Bowdoin President Kenneth C. M. Sills, Class of 1901, and Edith Sills in an undated photo.
Bowdoin President Kenneth C. M. Sills, Class of 1901, and Edith Sills in an undated photo.

There is no mention in the archives of Sills’s direct support of coeducation. That might be because, when she arrived at Bowdoin in 1918, the dominant culture war of the time was for women’s right to vote. Sills herself was a vocal opponent of suffrage. “Our government is not a democracy but a representative republic, with the family as the unit,” she wrote. “The Suffragists are trying to tear away the cornerstone of our government by destroying the family as the unit—by allowing everybody to vote.” Sills’s opposition to suffrage points to a general truth about the history of Bowdoin women. Despite the impulse to combine suffrage and education as kindred mileposts on the long road toward women’s rights, the lines weren’t necessarily contiguous. Among women of New England, support for a coed academy didn’t necessarily translate to rights in the voting booth. “My suffrage friends are always trying to persuade me that Suffrage will broaden women’s interests and educate them,” Sills wrote elsewhere. “The object of Suffrage is to govern not to educate.”

Sills would, alongside her friend Kate Douglas Wiggin—who, in 1904, became the second woman to receive an honorary degree from Bowdoin—help found Bowdoin’s preeminent women’s organization, the Society of Bowdoin Women. The first of its kind at the College, the group coalesced to raise money for the endowment and establish a welcoming, warm space for women on campus. Requirements for participation were simple: members were to pay an annual fee of one dollar and had to “love” a Bowdoin man, whether he be a grandson, son, brother, husband, or friend. The Society’s criteria resonated; by the early 1960s, the group had more than 1,000 enrolled women, many of whom gathered at the group’s temporary headquarters in Gibson Hall during Commencement exercises.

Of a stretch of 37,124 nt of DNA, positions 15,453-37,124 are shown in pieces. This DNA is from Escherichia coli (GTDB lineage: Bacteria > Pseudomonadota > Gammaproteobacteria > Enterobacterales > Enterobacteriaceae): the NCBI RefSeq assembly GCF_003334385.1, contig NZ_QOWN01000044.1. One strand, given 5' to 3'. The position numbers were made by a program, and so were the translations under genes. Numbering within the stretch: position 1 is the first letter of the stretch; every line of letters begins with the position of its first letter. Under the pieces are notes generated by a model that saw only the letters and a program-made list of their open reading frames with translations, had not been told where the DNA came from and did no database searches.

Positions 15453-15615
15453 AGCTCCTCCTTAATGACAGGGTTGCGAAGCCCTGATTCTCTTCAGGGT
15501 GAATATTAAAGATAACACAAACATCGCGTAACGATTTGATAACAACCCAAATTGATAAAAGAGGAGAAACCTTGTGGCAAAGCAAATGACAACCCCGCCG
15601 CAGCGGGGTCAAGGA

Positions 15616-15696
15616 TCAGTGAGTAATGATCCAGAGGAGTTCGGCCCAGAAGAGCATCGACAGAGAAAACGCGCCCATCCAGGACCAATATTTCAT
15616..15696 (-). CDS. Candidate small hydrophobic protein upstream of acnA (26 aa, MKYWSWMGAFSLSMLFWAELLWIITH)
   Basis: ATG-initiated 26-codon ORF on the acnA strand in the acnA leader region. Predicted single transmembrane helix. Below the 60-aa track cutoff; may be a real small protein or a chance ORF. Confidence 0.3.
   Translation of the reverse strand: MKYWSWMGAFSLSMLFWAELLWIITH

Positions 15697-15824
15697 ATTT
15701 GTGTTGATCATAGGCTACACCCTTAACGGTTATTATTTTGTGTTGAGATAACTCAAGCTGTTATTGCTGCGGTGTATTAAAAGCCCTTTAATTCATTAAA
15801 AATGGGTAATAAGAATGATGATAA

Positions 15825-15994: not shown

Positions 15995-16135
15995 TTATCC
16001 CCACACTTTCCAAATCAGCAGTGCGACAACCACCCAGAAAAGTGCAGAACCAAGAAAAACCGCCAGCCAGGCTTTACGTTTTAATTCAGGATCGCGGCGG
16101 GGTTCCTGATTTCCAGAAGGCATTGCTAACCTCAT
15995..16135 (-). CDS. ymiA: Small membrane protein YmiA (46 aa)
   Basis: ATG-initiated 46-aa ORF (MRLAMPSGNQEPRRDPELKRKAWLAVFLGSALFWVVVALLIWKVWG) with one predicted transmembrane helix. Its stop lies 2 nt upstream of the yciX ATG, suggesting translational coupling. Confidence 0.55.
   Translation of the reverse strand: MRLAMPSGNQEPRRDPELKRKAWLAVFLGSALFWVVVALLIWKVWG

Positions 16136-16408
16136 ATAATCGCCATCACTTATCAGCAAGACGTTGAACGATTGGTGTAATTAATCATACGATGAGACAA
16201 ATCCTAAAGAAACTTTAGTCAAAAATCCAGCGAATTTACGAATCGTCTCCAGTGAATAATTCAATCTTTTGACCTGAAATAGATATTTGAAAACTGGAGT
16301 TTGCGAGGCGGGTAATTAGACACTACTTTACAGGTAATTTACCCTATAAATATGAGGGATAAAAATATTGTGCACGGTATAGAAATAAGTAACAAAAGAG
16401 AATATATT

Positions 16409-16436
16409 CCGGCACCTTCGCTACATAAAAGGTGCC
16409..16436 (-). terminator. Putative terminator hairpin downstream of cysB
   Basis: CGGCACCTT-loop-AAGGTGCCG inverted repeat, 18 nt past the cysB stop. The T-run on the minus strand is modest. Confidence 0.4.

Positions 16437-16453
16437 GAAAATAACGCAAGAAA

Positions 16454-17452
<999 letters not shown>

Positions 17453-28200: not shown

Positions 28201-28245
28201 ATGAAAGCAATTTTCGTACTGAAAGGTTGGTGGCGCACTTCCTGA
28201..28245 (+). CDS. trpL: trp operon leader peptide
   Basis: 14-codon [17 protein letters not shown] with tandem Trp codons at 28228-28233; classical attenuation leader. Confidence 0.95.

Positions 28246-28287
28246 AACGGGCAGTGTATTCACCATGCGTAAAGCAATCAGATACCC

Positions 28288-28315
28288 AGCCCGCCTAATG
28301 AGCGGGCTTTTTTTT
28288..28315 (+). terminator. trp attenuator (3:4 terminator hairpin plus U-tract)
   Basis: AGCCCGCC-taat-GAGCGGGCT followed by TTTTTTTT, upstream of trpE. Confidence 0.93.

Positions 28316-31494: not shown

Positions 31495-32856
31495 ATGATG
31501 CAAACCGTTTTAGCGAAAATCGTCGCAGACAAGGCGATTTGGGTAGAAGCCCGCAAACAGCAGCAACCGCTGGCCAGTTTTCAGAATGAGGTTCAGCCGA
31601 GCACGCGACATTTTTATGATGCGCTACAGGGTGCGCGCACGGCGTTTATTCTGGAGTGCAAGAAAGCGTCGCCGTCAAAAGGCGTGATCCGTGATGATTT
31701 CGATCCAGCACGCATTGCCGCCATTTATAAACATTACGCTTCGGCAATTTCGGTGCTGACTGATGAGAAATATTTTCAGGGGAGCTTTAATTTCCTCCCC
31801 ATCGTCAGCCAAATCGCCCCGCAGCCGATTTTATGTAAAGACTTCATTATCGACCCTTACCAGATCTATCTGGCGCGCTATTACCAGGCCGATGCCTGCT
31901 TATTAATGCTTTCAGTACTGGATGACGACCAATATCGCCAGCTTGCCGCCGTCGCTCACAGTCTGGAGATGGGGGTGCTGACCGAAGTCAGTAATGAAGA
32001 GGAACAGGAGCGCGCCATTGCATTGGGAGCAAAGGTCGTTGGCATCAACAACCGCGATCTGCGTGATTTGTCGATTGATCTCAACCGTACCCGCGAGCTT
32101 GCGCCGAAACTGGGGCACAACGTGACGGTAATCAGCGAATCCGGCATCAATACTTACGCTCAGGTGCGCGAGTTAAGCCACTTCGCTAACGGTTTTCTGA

The Society of Bowdoin Women was also in the business of funding lectures by women they deemed “outstanding.” In 1963, the Society brought Hannah Arendt, a German-born political scientist and writer, to speak on the topic of personal responsibility under dictatorship. This too was part of Sills’s legacy: as Bowdoin’s host to Eleanor Roosevelt, W. B. Yeats, Rudyard Kipling, Mark Twain, and others, Sills had introduced worldly figures to the somewhat secluded college—to its students and its community of women. Arendt, and many after her, were brought through the endowment of the Edith Lansing Koon Sills Lecture Fund.

“We kept all the women happy,” said Mary Lou Sprague, who served as president of the Society after witnessing her mother do the same. Ever since she was a girl running across the Quad in white ankle socks and Mary Janes on visits with her family, Sprague considered Bowdoin a type of home: her grandfather, father, brother, husband, and then, much later, her grandchildren, were all alumni. She was of a generation that, by the 1950s, had begun to signal the sea change that, in some ways, precipitated coeducation: an influx of student wives on campus when men who had postponed their studies for World War II enrolled at the College. The Society of Bowdoin Women gave those wives a welcoming place to go.

Society of Bowdoin Women officers, 1967 (left to right), Catherine Daggett, Stella Knight, Judy Warren, Barbara Welch, Marion Bird, and Martha Coles.
Society of Bowdoin Women officers, 1967 (left to right), Catherine Daggett, Stella Knight, Judy Warren, Barbara Welch, Marion Bird, and Martha Coles.